South Korean Coat-of_Arms..
August 17, 2010 - A study found Monday, August 16th that higher cigarette prices were the most effective method in discouraging Koreans from smoking, prompting a new round of cigarette price disputes.
The Korea Centers for Disease Control and Prevention (KCDC) analyzed the effects of seven non-smoking policies such as raising prices, restricting tobacco ads and designating non-smoking areas, which were taken between 1995 and 2006. Of the measures, the analysis said, raising prices was much more effective in reducing the smoking rate.
Since the nation’s no-smoking campaign in 1995, the smoking rate of Korean male adults had been decreasing for years. However, the rate began to increase again from 40.9 percent in 2008 to 43.1 percent in 2009. The figure is well over the nation’s 2010 goal of 30 percent and much higher than the Organisation for Economic Co-operation and Development (OECD) average of 28.4 percent.
The report said that if the cigarette price of 2,500 won (2.13 USD) per pack had been raised by 1,000 won (0.85 USD) back in 2007, the smoking rate could have decreased to 33.9 percent by 2010. If the prices were raised to 8,500 won (7.23 USD), the smoking rate would have dropped rapidly to 30.4 percent in 2010 and to 24.6 percent in 2020, the report added.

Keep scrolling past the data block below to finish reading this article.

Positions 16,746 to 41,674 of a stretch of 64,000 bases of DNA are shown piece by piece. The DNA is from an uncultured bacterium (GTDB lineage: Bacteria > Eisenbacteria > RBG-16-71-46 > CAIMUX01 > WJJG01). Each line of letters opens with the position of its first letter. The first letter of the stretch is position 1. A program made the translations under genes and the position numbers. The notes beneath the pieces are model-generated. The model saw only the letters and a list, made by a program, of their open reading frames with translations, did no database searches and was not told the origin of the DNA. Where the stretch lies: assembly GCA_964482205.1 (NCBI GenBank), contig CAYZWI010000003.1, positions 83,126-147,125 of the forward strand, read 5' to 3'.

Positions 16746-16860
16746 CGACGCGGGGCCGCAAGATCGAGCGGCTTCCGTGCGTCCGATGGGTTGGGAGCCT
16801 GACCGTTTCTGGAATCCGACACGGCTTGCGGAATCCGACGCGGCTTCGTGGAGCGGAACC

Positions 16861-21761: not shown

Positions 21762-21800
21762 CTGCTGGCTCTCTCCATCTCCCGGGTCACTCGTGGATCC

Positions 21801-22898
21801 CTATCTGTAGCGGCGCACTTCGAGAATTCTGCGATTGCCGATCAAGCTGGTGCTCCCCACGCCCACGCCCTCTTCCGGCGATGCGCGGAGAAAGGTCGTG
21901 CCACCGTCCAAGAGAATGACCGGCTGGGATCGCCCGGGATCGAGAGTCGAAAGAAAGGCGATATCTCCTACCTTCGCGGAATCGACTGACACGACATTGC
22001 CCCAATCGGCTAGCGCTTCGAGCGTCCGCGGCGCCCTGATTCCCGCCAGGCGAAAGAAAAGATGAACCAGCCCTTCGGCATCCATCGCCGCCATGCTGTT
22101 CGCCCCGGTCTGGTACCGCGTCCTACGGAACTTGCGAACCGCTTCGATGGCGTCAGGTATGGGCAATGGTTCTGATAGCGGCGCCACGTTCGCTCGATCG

The nation’s cigarette price per pack has remained the same for five years since it was set at 2,500 won (2.13 USD) in 2005.
The report pointed out that a lack of strong policy efforts recently has led to the failure in achieving this year’s goal and also predicted the nation’s future smoking rate. According to the report, if cigarette prices increase annually by 500 won (0.43 USD) starting this year, the smoking rate of male adults could fall to 35.5 percent within the year and 33.8 percent next year. The rate would continue to drop to 30.2 percent in 2014, 26 percent in 2019 and 25.3 percent in 2020 when the price per pack becomes 8,000 won(6.81 USD), the report said.
“The nation’s nonsmoking campaign is considered to have been successful. Without a further decrease in its smoking rate, however, Korea would face more social and economic burdens and that could affect the nation’s global competitiveness,” the report said.
“The biggest problem is that the cigarette prices in Korea are lower considering the nation’s economic power. The appropriate price, for now, is estimated at more than 6,000 won (5.11 USD),” the report added.
Reference: ‘Higher cigarette prices reduce smoking rate’ by Lee Ji-yoon (email@example.com), The Korea Herald, 8/16/2010.
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